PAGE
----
Having young population with 65 per cent of people below the age of 35 years, Vietnam seems to have a tremendous labour pool to become a top nation for outsourcing IT human resources.
Microsoft chairman of emerging markets Orlando Ayala talks with VIR at the Accelerating Asia Pacific 2010 Conference on how Vietnam can turn its talented pool into a national power.
Human capital is considered a key contributing factor to the development of Vietnam’s economy. What do you think of its local human resources?
Vietnam’s economic dragon is its 86 million young and hard working population, 90 per cent of which are below or within working age, and 65 per cent are under the age of 35 years. With this demographic profile, the Vietnamese government in its ICT 2020 vision recognises the potential to develop atechnology-savvy workforce for both domestic and global markets. Moreover, the Vietnam Competitiveness Report, recently launched on November 30 by the government and Professor Michael Porter of the Harvard Business School, cites access to and better use of technology as a way to improve the skills of employees that will lead to increased labour productivity and national competitiveness.
Microsoft sees the development of local human resources as critical to achieving both the ICT vision and national competitive agenda, and we stand ready to continue our partnership with the government in this very important area.
What can the Vietnamese government do to develop its local human resources?
There are four focuses on promoting human resources development in Vietnam comprising to building skills capacity and develop workforce, local innovation, eco-systems for a company that can produce software for export, and boost the local education system.
From my view, I think Vietnam should focus on education with 21st century skills at early stages by providing them with problem solutions, critical thinking, collaboration, communication and maths.
We have a proven track record and global experience in partnering with governments on providing innovative technology and human capacity building to advance its national priorities. It has long been our vision to help people and businesses throughout the world to realise their full potential, and we stand ready to partner with the government to leverage Vietnam’s greatest resource – its people. Vietnam’s national competitiveness and ICT development will be fuelled by its human resources.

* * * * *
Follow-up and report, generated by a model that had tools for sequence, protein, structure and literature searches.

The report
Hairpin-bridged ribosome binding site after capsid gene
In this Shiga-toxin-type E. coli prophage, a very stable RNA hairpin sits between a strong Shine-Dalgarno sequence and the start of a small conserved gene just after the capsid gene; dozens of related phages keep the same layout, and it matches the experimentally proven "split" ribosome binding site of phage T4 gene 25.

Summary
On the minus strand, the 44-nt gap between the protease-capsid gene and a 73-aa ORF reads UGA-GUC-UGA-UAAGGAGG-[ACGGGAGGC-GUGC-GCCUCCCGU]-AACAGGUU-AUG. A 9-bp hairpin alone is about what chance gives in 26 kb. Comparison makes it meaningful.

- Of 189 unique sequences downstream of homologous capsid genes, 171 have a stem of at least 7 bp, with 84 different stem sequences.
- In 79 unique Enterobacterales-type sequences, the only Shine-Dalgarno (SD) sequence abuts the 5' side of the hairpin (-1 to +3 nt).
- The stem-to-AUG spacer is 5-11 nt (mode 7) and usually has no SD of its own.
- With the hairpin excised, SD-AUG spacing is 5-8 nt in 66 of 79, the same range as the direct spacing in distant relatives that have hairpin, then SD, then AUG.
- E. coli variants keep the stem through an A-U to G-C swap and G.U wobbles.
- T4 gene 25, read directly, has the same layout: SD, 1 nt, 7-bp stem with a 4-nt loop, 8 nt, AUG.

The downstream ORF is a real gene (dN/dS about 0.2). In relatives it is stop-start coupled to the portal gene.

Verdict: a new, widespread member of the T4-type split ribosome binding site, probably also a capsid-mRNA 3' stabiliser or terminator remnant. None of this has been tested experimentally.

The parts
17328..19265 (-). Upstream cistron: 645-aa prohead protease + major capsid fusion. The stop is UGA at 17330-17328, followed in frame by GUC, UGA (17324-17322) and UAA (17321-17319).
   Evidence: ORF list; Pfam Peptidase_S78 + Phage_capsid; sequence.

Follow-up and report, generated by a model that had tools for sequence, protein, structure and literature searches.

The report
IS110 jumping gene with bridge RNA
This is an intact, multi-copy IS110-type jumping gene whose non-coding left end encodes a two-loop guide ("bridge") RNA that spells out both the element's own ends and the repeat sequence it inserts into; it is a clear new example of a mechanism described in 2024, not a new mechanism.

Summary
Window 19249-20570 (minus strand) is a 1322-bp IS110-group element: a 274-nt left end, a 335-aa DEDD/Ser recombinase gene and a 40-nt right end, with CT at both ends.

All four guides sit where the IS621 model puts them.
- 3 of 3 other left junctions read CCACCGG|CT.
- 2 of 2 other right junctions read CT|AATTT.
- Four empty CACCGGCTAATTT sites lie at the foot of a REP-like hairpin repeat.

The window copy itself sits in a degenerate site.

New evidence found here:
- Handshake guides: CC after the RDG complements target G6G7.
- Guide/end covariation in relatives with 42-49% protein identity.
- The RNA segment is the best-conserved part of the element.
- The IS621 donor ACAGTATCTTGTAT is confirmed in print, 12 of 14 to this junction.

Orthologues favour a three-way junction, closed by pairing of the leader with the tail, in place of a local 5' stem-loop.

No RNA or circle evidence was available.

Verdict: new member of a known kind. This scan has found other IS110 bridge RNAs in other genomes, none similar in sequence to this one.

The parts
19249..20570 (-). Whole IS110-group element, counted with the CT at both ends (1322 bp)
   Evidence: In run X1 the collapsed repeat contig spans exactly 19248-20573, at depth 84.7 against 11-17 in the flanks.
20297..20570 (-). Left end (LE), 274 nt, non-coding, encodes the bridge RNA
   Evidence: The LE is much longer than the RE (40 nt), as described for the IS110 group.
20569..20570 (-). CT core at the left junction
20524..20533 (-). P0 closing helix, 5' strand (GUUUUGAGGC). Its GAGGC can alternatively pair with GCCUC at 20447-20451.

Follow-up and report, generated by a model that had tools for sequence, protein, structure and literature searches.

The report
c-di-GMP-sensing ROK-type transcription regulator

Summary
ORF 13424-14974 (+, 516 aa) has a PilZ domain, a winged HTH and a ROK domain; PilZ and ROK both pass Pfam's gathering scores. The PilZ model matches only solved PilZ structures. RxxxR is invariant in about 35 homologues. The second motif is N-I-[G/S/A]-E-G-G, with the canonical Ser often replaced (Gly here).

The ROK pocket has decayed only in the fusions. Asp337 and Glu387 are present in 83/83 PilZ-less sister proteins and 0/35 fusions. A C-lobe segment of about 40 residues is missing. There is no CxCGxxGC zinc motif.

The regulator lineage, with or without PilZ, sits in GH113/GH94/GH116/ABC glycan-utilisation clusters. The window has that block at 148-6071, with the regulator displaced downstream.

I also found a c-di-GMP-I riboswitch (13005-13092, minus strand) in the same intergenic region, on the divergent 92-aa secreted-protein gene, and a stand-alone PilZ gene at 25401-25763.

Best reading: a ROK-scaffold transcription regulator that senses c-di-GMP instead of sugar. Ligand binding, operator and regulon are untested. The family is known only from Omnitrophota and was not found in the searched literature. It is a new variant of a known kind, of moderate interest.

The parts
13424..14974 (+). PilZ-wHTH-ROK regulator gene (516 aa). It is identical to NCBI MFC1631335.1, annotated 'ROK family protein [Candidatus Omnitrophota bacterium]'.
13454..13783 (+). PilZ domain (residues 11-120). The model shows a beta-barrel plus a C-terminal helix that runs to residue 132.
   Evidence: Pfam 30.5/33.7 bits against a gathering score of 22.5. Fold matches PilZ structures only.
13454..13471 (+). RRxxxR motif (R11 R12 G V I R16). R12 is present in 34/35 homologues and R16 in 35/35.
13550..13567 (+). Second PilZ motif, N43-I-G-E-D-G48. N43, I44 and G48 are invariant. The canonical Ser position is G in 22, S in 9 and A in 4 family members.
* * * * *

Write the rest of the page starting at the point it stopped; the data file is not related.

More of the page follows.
How can Microsoft help?
Microsoft currently contributes to human capital development through capacity building programmes that include teacher and student education and IT access programmes, partners network readiness programmes, local IT software start-up programmes, an innovation centre to train and certify local IT professionals.
Through our education programmes in partnership with the Ministry of Education and Training (MoET) for instance, the Partners-in-Learning programme, DreamSpar, Live@edu, Imagine Cup, to providing free technology and training to start-ups and local businesses such as BizSpark, WebsiteSpark to partnering with the Ministry of Information and Communications to set up a Microsoft Innovation Centre that provides consultation to bring ideas to market and to provide training and globally-recognised certification for local ICT professionals.
Under our Partners-in-Learning programme, Microsoft works with the MoET and the cities’ and provincial departments of Education and Training to increase access to technology and improve its use in education. The first five-year phase of the programme benefitted over 7,000 school leaders, 50,000 teachers and around two million students.
The next phase of partnership is currently being discussed by the parties. This phase will focus on developing a roadmap for ICT integration in education, particularly in building innovative schools to deeply engage Microsoft technologies and solutions in the schools.
Microsoft will continue focusing on improving teachers and students capacity with 21st century skills, including peer coaching model by increasing and improving local innovative teachers as a sustainable model. More importantly, the programme will seek to align with MoET's initiative to “improve Young Viet generation”.